A Repository for Anger


As I write, early on Monday morning, it would appear that UKIP will return an MEP in Scotland. Looking through the blogs, Facebook and Twitter, there is an awful lot of gnashing of teeth, sadness and anger. Fingers are pointed at the MSM with commentators identifying the massive coverage that UKIP have received, particularly through the medium of television. 10.4% of Scots who turned out to vote gave their allegiance to UKIP.

I’m not in the slightest surprised.

As a Scot, I know people who fit the UKIP demographic and I don’t regard them as irrational human beings, in fact they believe sincerely that they have genuine concerns that require answering.

I’ve detected a sort of centre leftist arrogance and complacency among fellow Scots; apparently we are a wholly welcoming society, ultra tolerant and progressive in thought. I’ve never believed that and I regard Scotland as a conservative society (with a small “c”).

I can accept that 1 in 10 Scots have concerns that made them think that UKIP was a better bet than the usual parties. These Scots will probably be Unionist in thought and heart, but I can be sure that many will share the classic UKIP profile of being anti EU and anti immigrant.

We should never be complacent when we discuss immigration; it requires a conversation, even among those who see themselves as the “tolerant majority”. People are unfailingly human and we shouldn’t forget that.
I think that the anti immigration issue should be approached and understood from two different view points in Scotland.

The first point is simply the numbers game. UKIP voters will see immigrants in terms of a housing queue, or competition for jobs. We should be cognisant to this and not dismiss it as silly scaremongering. Potentially 1 in 10 Scots see it as a legitimate point of conversation. We should listen to them. “The country is hard-up and we’re still letting people in!” This reaction is understandable.

The second point is rather more difficult to encapsulate in a single word or phrase, but it is a rejection of multi culturalism. Identities are important in this discussion. Scots see themselves as “Scots” or “British” and this is manifested in different ways. If you suddenly start to experience people from different cultural backgrounds living among you, taking the kids to school, standing in the checkout queue and they look or speak differently, is it beyond surprise that 1 in 10 Scots will not react in a positive way?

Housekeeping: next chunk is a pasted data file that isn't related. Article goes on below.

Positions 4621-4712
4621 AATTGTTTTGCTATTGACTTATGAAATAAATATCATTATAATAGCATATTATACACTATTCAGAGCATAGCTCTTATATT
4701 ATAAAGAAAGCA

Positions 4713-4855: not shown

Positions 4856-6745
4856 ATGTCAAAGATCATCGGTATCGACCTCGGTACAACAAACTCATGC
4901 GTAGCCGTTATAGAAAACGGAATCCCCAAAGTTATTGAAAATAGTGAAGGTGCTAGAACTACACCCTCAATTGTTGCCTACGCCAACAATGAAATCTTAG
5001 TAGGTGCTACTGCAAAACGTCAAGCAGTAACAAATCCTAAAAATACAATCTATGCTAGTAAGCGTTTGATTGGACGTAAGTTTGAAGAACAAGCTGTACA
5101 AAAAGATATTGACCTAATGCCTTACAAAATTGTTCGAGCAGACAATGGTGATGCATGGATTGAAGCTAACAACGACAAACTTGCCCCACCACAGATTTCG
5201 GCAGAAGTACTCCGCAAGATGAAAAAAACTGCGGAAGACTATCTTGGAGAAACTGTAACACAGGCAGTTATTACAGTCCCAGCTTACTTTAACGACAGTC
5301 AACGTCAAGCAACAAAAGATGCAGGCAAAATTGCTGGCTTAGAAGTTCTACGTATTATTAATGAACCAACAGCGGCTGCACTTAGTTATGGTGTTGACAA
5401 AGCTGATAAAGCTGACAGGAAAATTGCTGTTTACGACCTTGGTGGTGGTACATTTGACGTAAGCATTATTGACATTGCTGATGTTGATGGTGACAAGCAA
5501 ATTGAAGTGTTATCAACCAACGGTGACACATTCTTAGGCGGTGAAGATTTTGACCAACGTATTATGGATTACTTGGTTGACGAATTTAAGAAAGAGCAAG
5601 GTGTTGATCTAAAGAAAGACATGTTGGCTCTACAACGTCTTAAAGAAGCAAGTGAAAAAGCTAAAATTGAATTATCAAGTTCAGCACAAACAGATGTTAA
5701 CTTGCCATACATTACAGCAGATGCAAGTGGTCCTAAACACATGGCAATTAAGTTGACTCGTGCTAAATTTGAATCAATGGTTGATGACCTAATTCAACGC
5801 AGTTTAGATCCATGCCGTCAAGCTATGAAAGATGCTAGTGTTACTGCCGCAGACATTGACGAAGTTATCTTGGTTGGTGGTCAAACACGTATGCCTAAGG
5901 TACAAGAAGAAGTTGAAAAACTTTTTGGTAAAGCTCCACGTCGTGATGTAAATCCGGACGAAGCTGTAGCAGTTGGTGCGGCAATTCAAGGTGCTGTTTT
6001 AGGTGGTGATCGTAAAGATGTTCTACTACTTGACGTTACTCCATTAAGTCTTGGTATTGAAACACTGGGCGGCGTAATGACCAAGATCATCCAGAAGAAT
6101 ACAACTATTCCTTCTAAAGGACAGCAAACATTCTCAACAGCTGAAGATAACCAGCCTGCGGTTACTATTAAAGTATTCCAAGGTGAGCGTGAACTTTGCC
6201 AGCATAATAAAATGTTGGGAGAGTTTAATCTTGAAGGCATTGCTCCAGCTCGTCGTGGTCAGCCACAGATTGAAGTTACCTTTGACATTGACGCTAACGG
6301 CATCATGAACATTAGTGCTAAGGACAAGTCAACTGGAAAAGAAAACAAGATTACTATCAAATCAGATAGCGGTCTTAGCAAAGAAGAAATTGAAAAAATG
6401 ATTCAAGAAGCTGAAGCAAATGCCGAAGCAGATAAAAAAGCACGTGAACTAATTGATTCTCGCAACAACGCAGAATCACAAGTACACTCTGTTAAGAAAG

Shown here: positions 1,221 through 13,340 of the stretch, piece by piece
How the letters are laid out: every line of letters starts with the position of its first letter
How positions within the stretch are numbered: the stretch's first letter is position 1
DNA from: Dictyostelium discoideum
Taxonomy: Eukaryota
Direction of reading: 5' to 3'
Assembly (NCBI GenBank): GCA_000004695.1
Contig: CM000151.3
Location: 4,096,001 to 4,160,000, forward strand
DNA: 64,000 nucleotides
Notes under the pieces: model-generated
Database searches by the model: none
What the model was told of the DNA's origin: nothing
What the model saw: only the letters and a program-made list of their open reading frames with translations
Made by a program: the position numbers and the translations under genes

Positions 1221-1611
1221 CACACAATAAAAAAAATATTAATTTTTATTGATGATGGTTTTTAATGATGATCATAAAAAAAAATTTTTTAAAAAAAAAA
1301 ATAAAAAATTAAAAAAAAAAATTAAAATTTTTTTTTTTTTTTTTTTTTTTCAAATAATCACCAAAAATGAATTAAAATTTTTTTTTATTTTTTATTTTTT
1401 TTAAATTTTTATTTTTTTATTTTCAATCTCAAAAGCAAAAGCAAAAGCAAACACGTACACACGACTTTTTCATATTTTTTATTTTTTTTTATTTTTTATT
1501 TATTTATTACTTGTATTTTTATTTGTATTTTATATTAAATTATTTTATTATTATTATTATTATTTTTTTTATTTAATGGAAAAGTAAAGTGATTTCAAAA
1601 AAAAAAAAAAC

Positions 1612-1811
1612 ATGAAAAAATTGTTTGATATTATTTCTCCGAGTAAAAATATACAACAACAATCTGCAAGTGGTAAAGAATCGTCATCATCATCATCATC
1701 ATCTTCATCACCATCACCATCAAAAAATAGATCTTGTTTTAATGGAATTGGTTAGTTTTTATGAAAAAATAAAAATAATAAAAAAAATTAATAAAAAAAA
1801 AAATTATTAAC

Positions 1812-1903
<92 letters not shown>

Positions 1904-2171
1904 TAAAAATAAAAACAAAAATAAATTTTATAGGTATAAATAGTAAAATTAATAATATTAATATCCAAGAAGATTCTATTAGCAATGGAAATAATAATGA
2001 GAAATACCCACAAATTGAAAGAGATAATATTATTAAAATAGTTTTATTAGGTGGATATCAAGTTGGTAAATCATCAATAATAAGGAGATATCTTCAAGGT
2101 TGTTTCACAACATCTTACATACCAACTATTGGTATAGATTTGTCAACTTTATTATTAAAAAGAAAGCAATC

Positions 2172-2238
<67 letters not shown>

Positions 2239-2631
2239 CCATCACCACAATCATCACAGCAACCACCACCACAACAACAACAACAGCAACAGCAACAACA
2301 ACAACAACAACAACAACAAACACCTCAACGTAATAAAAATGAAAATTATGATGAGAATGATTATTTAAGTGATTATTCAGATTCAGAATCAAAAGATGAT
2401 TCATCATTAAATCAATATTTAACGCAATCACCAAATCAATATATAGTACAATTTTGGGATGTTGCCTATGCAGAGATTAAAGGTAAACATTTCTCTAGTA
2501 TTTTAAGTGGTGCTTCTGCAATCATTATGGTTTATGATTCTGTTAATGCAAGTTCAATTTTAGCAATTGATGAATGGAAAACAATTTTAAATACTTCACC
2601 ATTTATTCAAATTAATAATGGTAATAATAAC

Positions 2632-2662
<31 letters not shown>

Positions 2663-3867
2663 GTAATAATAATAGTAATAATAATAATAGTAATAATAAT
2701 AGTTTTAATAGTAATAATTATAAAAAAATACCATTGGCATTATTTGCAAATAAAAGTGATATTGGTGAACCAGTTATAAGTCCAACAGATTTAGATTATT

Scotland is a conservative society, across all shades of that society. UKIP is capturing support from all across this Scottish society. In that respect Scotland is probably no different than parts of England or France.

People are unfailingly human and we shouldn’t forget that.

The other common denominator, of course, is the EU. Immigration and austerity are causing voters to become more inward and insular in thought. The EU is the obvious bogey man in all of this.

So let us not get snobbish in a politically correct point of way. We need to accept that what has happened is a symptom of something greater. If we are genuinely a nation of tolerance, as many would like us to believe we are, then let’s be tolerant with those that would disagree with us and listen to them.

UKIP is a repository for anger. Listen to the anger, understand the anger and think about addressing the issues. That can be by gentle explanation or something more tangible but arguing among ourselves is not the answer.

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2 thoughts on “A Repository for Anger

  1. FergusMac

    I totally agree with your post here. Far too much of the pro-Independence blogosphere represents the centre-left congratulating itself on its moral superiority (a weakness to which it is prone), and demonising its enemies (again, a fundamental flaw in its Manichaean, bipolar good-versus-evil world view). This is not helped by the total conflation of “right-wing” with “unionist” thanks to the Conservative Party. There is effectively no pro-independence option for Scots who are not on the left.

    I want to see an independent Scotland, but I am by no means convinced that switching ultimate control from London to Brussels is a positive development. I was not impressed by the actions of the EU in displacing the democratic governments in Rome and Athens, and replacing them with pro-EU technocrats to impose austerity, nor with the arrogance of the Franco-German axis over the years in its approach to small states. Norway and Switzerland do well enough outside the EU, and so would we.

    I had thought of voting UKIP, but decided that the party carried too much baggage of oddballs, and more than a whiff of Scottish anti-Catholicism (the one acceptable form of racism – for it is ultimately anti-Irish – in Scotland, as has been shown by the despicable silence meeting the treatment of Neil Lennon).

    I voted SNP, but it does not follow that my vote represents a ringing endorsement of the EU. I decided that it was my only realistic option, and the higher the SNP vote, the less able the BBC et al would be to portray the election results as a pointer to a No vote in September.

    Reply
  2. Iltuae

    Time to award the white feather to the two thirds of Scots who failed to vote, and in doing so voted UKIP by omission.

    Your one-in-ten assumption is, I suggest, way off. Extremist parties like UKIP and the BNP only fare well when there is a low turnout because they mobilise what little support they have to get out and vote. Only one in thirty Scots voted UKIP. UKIP, BNP, Britain First and NO2EU combined received the endorsement of only seven per cent of the Scottish electorate.

    Indifference was the winner with 65% of the vote. UKIP came a distant fifth 3.5%.

    Reply

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